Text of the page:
We were able to validate these figures during the Fourth Congress of VN masons held in Boromo last December, attended by 80 VN masons from all over Burkina Faso who reported on their work in progress. The two-storey AVN show house at the Autumn 2008 Salon International de l'Artisanat in Ougadougou (SIAO) attracted several thousand visitors, and will undoubtedly result in further demand for the building of VN homes.
This season also sees further expansion of the AVN Program from Burkina Faso to neighbouring countries:
- in Mali, over 15 VN masons have now been trained, and they are themselves recruiting and training further Malian apprentices; an AVN-Mali office has been established in Bamako to oversee further development of the Program, and to handle the increasing flow of requests for VN constructions (including ones from the historic and iconic city of Timbuktu!)
- in Senegal, AVN has two different types of parnership agreement, one with a Senegalese construction firm in Dakar,
the other with a French NGO financing the construction by VN masons of rural training centres in the Matam region.
- We plan to extend the AVN Program to Niger next year: the first VN mason from Niger, Ibrahim Dan Inna, is being trained in Boromo. Ibrahim is deaf, and he is sponsored by the NGO EFIS; we hope to provide employment opportunities for others like him in the future.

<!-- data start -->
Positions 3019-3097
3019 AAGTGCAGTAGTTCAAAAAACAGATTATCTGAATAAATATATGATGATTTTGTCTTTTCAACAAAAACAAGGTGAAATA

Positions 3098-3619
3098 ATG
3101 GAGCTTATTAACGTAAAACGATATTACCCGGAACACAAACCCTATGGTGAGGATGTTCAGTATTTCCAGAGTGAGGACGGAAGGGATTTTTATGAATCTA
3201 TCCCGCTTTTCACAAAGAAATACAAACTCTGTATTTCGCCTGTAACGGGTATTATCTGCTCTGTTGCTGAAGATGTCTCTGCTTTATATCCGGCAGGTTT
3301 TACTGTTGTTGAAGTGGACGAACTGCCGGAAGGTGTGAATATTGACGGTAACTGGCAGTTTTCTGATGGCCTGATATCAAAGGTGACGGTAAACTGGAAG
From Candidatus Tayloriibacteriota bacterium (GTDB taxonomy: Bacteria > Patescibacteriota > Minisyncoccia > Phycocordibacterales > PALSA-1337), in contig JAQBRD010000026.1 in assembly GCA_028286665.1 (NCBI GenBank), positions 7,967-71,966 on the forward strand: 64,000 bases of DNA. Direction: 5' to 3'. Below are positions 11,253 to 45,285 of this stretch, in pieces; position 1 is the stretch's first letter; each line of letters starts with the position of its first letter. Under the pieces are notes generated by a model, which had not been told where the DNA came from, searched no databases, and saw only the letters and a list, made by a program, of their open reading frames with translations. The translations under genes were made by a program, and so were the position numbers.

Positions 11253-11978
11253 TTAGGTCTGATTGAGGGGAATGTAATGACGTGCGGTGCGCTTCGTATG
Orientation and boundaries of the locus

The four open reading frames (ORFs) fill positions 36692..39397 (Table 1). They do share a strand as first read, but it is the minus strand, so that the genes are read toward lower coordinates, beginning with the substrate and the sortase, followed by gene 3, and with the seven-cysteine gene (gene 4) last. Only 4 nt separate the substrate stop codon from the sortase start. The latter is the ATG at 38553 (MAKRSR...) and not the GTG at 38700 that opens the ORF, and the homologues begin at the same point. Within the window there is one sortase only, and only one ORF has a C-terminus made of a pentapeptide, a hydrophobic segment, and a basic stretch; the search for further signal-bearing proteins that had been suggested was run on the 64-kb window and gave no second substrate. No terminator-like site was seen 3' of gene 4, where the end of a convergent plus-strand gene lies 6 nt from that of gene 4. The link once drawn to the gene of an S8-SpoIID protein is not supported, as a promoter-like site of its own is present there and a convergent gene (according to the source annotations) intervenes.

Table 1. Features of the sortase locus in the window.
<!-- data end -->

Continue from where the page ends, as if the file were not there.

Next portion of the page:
International recognition is growing: the AVN Program is one of 12 projects shortlisted to go on to Stage II of the selection process for the 2009 World Habitat Awards. Two awards are given annually to projects from the global North as well as the South that provide practical and innovative solutions to current housing needs and problems. An award of £10,000 is presented to each of the two winners at the annual United Nations global celebration of World Habitat Day.
At a time when climate change issues have reached the top of the global agenda, we are very pleased to be included in Global Giving's "green leaf" selection of projects. The AVN Program is making a locally significant, contribution to reduction of carbon emissions: our ongoing research indicates that use of earth bricks and earth mortar (instead of cement, and metal roofing sheets) has economised the equivalent of over 100 tons of carbon dioxide emissions so far.
Your contributions can help scale up this exciting program through acceleration of our apprentice training schemes, the